A few days ago, I mentioned my admiration for the 1980s schlock movie company Cannon Films and the upcoming documentary Electric Boogaloo: The Wild, Untold Story of Cannon Films. The film, directed by Mark Hartley of Not Quite Hollywood fame, recounts the story of Menahem Golan and Yoram Globus; two Israeli-born cousins with a love for movies — any movie — and a desire to make it big by generating more product than anyone else.
Taking control of Cannon in 1979, Golan and Globus left behind a treasure trove of films like The Apple, Over the Top, Breakin’ and its famously-named sequel, Breakin’ 2: Electric Boogaloo. Using money from the next production to pay for the one already being made, the party ended when the cousins tried to enter the majors by agreeing to produce Superman IV: The Quest for Peace and Masters of the Universe.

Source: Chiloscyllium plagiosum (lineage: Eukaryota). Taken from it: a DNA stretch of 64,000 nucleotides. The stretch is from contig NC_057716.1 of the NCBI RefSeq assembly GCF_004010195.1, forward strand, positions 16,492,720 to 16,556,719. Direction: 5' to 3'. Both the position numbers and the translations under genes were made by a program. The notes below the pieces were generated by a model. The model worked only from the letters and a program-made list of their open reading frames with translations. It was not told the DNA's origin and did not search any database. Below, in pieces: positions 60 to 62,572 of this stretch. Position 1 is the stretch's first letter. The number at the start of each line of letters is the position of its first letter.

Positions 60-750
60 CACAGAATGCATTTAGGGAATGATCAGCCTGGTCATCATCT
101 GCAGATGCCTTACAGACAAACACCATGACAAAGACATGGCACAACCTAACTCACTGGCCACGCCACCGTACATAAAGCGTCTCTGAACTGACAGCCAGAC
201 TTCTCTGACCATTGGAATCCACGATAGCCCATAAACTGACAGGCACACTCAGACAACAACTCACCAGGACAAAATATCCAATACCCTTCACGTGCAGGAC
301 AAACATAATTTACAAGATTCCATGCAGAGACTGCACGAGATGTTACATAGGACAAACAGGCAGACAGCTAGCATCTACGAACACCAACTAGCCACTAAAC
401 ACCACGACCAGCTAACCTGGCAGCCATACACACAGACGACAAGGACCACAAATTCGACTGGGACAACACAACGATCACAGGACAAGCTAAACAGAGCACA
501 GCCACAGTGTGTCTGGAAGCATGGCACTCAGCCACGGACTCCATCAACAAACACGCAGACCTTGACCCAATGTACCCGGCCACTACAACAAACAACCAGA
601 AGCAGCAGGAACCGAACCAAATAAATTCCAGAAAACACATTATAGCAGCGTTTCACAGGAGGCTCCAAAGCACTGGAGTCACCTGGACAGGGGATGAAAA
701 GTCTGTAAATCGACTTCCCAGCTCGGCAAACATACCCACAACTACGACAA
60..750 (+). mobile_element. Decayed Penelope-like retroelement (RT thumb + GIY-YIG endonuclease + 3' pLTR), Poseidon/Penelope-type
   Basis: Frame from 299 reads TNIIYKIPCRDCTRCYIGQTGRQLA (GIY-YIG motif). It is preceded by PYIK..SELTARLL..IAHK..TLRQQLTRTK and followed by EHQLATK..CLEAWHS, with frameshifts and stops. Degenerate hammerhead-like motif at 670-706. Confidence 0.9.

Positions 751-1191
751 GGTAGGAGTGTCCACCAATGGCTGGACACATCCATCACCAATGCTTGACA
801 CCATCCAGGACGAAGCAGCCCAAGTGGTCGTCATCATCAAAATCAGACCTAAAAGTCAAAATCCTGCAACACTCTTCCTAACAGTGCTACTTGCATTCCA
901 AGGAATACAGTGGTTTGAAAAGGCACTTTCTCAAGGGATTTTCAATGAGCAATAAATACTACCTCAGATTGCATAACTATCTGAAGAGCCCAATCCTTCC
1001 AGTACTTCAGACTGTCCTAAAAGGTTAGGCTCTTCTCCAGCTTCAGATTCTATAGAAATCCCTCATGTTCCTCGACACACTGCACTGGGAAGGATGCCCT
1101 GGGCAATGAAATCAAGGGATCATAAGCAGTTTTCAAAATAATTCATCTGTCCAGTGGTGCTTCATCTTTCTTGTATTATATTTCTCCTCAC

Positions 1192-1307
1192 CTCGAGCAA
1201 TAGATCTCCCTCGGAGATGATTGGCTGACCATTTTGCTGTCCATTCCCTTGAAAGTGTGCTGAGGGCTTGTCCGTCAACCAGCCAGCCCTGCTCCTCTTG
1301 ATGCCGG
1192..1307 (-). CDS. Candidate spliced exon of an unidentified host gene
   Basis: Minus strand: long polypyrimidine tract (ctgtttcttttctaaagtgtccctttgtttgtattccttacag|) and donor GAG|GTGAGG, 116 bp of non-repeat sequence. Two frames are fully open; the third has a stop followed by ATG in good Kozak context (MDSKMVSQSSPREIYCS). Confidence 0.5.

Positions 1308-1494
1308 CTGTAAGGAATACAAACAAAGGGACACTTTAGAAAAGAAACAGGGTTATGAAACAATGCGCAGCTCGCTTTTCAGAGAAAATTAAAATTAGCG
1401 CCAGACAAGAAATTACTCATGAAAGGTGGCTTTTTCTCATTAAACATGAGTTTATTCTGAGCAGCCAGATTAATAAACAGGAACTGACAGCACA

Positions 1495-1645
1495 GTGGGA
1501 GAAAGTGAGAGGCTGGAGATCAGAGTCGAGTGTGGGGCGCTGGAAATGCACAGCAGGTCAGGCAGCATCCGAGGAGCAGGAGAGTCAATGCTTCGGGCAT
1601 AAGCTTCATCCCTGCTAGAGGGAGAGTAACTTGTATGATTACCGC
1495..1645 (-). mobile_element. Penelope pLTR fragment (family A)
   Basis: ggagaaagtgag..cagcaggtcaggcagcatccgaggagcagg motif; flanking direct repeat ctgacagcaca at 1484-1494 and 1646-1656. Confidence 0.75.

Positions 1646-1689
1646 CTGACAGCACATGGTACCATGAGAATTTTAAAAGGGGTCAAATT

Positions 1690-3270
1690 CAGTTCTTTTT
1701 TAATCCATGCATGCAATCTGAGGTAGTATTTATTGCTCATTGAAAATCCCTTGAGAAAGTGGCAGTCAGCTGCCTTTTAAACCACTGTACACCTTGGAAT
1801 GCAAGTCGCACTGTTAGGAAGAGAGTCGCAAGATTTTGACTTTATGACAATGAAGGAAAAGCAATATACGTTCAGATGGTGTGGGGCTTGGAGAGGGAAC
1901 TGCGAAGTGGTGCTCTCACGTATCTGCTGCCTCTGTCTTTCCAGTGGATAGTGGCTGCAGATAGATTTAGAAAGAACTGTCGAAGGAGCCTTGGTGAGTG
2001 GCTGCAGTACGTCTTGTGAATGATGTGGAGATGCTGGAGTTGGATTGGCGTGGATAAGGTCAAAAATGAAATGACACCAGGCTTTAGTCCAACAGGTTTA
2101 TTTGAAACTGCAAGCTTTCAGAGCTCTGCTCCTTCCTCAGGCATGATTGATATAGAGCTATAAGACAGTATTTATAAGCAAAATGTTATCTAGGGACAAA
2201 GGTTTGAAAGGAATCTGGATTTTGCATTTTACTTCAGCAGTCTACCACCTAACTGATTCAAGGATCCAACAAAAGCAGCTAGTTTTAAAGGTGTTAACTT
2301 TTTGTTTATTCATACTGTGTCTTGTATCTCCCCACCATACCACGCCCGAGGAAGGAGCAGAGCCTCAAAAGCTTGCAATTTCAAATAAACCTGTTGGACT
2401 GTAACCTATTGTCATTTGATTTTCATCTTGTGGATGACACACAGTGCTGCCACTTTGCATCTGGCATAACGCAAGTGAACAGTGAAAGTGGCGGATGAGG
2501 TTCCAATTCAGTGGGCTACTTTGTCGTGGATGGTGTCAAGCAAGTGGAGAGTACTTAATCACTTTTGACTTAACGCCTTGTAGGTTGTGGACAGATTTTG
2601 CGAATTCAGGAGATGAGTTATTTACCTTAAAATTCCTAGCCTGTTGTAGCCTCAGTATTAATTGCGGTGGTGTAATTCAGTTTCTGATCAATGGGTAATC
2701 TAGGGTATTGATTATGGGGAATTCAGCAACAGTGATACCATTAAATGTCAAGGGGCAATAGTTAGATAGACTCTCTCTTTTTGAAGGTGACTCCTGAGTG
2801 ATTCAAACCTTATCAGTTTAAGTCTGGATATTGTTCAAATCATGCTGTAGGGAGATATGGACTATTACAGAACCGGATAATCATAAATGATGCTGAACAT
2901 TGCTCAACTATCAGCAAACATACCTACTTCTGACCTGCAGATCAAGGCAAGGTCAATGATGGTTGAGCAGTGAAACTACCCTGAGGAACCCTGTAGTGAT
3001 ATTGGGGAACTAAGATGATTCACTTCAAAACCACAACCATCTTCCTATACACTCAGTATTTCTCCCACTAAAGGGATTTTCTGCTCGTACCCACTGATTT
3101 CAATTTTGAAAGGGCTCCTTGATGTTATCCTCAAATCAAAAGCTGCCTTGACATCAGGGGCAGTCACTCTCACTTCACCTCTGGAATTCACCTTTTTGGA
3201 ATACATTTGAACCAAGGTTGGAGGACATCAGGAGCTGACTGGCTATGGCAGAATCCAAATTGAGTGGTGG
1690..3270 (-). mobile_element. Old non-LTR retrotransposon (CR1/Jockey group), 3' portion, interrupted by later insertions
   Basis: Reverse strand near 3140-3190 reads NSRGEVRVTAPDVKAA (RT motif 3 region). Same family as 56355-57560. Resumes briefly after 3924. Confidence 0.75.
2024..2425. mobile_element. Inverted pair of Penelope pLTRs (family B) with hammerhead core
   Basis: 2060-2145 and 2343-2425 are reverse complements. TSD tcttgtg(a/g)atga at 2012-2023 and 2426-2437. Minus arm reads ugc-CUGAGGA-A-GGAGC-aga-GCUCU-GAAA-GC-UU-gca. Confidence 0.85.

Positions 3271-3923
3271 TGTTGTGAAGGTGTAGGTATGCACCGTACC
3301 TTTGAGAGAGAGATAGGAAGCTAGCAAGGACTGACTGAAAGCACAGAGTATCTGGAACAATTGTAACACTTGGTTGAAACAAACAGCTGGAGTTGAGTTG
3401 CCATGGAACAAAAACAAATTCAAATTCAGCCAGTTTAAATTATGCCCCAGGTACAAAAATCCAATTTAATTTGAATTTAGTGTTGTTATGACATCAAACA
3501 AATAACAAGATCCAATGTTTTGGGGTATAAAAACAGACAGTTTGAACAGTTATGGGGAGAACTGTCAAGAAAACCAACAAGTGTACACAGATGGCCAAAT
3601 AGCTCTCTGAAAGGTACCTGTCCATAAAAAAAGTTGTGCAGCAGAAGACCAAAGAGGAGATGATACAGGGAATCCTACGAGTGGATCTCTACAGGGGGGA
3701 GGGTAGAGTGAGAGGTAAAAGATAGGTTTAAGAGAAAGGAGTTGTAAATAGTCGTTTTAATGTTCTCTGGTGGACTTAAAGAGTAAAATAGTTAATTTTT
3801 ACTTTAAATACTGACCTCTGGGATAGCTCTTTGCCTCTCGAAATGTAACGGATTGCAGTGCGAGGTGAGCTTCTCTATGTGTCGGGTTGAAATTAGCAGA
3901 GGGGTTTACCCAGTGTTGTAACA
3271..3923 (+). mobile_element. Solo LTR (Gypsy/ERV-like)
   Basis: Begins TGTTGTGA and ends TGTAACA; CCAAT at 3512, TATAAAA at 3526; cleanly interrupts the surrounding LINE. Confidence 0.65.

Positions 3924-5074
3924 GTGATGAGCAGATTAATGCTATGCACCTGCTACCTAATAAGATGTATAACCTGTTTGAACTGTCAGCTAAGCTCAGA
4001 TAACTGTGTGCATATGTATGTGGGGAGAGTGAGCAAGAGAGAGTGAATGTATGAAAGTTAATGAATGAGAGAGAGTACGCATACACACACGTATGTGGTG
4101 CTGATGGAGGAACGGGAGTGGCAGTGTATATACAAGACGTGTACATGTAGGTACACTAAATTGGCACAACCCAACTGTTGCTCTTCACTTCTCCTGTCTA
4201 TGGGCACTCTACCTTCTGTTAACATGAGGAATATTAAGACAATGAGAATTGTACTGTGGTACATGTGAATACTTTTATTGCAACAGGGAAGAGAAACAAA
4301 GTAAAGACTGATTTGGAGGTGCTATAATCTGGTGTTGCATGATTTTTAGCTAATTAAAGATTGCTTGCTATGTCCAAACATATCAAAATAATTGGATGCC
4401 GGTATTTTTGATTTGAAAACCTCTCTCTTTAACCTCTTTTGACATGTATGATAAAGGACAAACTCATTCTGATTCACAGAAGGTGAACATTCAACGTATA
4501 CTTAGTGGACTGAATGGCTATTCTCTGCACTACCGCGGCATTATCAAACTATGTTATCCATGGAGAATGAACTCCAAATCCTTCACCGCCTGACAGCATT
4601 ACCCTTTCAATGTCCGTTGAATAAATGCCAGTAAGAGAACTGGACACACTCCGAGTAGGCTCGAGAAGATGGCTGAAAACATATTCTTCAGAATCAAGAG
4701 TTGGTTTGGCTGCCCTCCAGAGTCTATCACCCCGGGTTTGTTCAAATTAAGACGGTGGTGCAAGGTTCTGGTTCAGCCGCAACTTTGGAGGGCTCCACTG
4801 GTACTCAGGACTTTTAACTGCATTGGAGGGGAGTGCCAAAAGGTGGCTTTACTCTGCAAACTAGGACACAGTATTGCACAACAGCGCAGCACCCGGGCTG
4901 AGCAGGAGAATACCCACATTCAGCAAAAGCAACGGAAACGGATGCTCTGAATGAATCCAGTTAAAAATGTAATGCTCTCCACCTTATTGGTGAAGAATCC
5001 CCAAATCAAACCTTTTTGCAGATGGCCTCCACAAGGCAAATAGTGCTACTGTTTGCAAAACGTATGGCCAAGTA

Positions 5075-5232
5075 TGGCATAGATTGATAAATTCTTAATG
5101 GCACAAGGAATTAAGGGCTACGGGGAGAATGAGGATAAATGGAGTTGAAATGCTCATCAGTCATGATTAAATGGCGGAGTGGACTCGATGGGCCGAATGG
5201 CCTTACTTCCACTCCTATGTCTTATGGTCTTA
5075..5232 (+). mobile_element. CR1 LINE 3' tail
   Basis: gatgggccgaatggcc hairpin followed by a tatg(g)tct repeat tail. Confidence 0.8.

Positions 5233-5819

Recounted by directors and other staff who had the fortune — or misfortune — to work at Cannon, the film is a truly funny tale of two guys who loved movies so much, they willed them into existence and never cared if they were any good. While some of their methods were questionable, there was an admirable spirit at work in the company’s office. Granted, quality control was not part of that spirit.
Warner Bros. plans to screen the film at select Landmark Theaters on September 17th in the following locations: Baltimore, Chicago, Dallas, Denver, Houston, Los Angeles, Minneapolis, New York City, San Diego, San Francisco (Embarcadero Center Cinema), San Francisco (Guild Theatre), St. Louis, Washington D.C.
If you ever saw Cobra, a Missing in Action film or King Solomon’s Mines on your local TV station’s Sunday film marathon, go out and see the story behind their improbable creation. Here’s the trailer to whet the appetite: